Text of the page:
The unspeakable beauty and simplicity of that magnificent and so fitting funeral of the Duke of Edinburgh will stay with me - and with many of us - for a long time to come.
The glorious mediaeval setting in the perfect Spring weather; the detailed perfection of the military guards of honour, and the massed bands; the little carriage with its two black horses and the Duke’s personal gloves and whip in the driver’s seat; the Landrover hearse; the King’s Troop firing the minute salute; the sailors piping their Admiral into the Chapel; the fine words and superb music of the service itself; that moment when the piper playing the Lament marched away into the distance; even just the members of the Royal Family walking back up in the sunshine to the main part of the castle, all of these things were great moments. It was the most superbly planned and executed and moving of ceremonies, in no way lessened by its smaller Covid-induced scale. Indeed it was more fitting in many ways than would have been a great panoply of State in central London had that been allowed.
Somehow the sheer simplicity yet grandeur of the event was just so appropriate to the great man about whom we have heard so much in the last week or so. It was in every way the most perfect memorial that anyone could possibly have wished for, and I hope that Her Majesty and the other members of the Royal family were as touched and as impressed by it all as was the whole Nation, and so much of the world able to witness it on television.
There seem to have been an awful lot of sad deaths just recently – or is it just my age and stage in life? My friends Chris Wannell and Enam Chowdhury leave a great hole in the life of Royal Wootton Bassett. Tim Holderness-Roddam from West Kington was a well-known local figure involved in so many charities and voluntary organisations; Arthur Chapman from Cricklade served in the RAF as a navigator for 36 years, 11,000 hours flying in a Hercules. All truly served their communities and the nation. They came from the same mould as HRH Duke of Edinburgh. In a way so much that we saw in Windsor on Saturday could stand proxy, as a symbol, for so many people who have died, or been bereaved over the last dreadful twelve months. It was not just about the Duke. In a strange way it was about the nation and all that we have lost, and about remembering all that was so good about our dear departed.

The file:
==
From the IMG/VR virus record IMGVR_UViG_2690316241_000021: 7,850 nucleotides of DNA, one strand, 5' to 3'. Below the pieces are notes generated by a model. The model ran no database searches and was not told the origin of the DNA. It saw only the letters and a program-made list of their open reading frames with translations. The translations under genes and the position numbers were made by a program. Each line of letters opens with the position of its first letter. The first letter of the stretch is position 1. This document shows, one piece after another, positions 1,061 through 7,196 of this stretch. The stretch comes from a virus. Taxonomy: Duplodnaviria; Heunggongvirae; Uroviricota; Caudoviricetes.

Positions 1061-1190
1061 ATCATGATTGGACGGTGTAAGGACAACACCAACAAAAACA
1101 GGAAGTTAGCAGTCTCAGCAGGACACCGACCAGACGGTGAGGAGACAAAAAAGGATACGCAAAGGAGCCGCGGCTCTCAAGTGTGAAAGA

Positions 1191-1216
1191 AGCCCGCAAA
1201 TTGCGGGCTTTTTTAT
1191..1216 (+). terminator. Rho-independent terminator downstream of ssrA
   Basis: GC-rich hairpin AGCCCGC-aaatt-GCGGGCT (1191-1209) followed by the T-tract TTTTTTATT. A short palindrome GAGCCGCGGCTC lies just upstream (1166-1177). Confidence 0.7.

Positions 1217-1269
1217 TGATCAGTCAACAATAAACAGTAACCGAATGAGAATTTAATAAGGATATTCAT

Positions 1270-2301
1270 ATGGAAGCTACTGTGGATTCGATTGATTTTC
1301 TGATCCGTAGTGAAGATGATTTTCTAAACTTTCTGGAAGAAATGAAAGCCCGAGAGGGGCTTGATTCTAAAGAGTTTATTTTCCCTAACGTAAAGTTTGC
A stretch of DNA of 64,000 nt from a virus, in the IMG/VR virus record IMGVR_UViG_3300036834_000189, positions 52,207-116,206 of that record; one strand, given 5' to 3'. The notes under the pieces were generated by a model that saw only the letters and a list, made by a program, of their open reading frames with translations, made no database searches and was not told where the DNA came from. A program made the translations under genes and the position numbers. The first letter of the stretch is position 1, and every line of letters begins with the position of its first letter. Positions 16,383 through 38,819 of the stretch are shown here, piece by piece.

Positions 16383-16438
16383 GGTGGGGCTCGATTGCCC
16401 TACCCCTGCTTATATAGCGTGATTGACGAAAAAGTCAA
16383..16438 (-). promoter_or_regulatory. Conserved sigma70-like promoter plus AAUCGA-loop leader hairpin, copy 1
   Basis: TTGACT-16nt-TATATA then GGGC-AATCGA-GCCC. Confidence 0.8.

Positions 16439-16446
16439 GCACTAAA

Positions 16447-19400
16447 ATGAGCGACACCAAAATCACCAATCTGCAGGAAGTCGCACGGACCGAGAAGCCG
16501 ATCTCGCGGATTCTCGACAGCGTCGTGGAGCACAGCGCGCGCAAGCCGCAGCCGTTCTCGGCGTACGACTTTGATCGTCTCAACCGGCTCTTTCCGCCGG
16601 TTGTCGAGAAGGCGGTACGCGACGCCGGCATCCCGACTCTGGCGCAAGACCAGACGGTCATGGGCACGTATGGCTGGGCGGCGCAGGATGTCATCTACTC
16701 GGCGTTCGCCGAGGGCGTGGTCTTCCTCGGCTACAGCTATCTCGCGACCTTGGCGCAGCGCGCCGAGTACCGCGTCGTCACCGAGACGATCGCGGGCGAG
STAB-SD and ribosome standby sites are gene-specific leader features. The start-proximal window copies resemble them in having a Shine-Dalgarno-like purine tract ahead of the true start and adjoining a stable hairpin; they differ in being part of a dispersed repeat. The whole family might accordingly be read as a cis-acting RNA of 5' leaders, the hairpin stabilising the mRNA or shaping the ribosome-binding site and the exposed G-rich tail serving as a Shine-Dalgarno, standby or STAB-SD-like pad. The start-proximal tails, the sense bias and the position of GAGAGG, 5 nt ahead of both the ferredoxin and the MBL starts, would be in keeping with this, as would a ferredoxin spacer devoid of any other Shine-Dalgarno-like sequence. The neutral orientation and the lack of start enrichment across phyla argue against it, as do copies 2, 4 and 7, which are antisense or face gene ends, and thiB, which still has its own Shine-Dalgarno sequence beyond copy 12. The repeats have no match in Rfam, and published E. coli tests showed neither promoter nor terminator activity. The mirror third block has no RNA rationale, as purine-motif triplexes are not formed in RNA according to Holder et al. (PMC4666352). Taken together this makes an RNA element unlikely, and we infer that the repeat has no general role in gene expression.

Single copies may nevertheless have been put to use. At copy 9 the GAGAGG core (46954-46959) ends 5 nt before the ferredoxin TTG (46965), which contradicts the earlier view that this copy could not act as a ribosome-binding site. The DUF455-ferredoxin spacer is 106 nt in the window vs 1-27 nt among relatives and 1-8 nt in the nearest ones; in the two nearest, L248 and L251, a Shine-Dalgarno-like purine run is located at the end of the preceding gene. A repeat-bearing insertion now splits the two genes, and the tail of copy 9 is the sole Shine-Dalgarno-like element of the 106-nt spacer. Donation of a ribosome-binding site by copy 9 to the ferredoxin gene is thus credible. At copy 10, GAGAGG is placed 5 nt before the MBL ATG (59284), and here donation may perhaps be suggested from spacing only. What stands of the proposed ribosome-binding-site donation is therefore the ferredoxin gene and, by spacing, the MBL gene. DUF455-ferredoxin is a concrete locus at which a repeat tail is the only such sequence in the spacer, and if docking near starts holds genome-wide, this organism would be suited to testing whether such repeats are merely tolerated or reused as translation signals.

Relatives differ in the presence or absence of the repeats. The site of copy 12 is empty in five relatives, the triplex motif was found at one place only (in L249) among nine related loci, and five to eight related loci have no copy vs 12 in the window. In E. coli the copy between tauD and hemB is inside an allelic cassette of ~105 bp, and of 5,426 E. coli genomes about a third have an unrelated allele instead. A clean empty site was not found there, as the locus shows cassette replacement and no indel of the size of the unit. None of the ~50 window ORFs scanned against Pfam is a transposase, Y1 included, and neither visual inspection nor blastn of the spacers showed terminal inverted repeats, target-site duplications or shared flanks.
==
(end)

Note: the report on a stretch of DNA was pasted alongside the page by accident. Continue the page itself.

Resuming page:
I was lucky enough to be asked to the memorial service in Salisbury Cathedral the previous evening. Amongst many other wonderful bits (the choir was superb), I am always moved by the great old prayer from the Evensong Prayer Book, which my Father said every night in the months before his own death in 1984:
“Support us, O Lord, all the day long of this troublous life, until the shadows lengthen and the evening comes, the busy world is hushed, the fever of life is over and our work done. Then, O Lord, in your mercy, grant us a safe lodging, a holy rest, and peace at last; through Christ our Lord, Amen.”
A safe lodging, a holy rest and peace at last for Prince Philip and for so many of our dear friends and relations.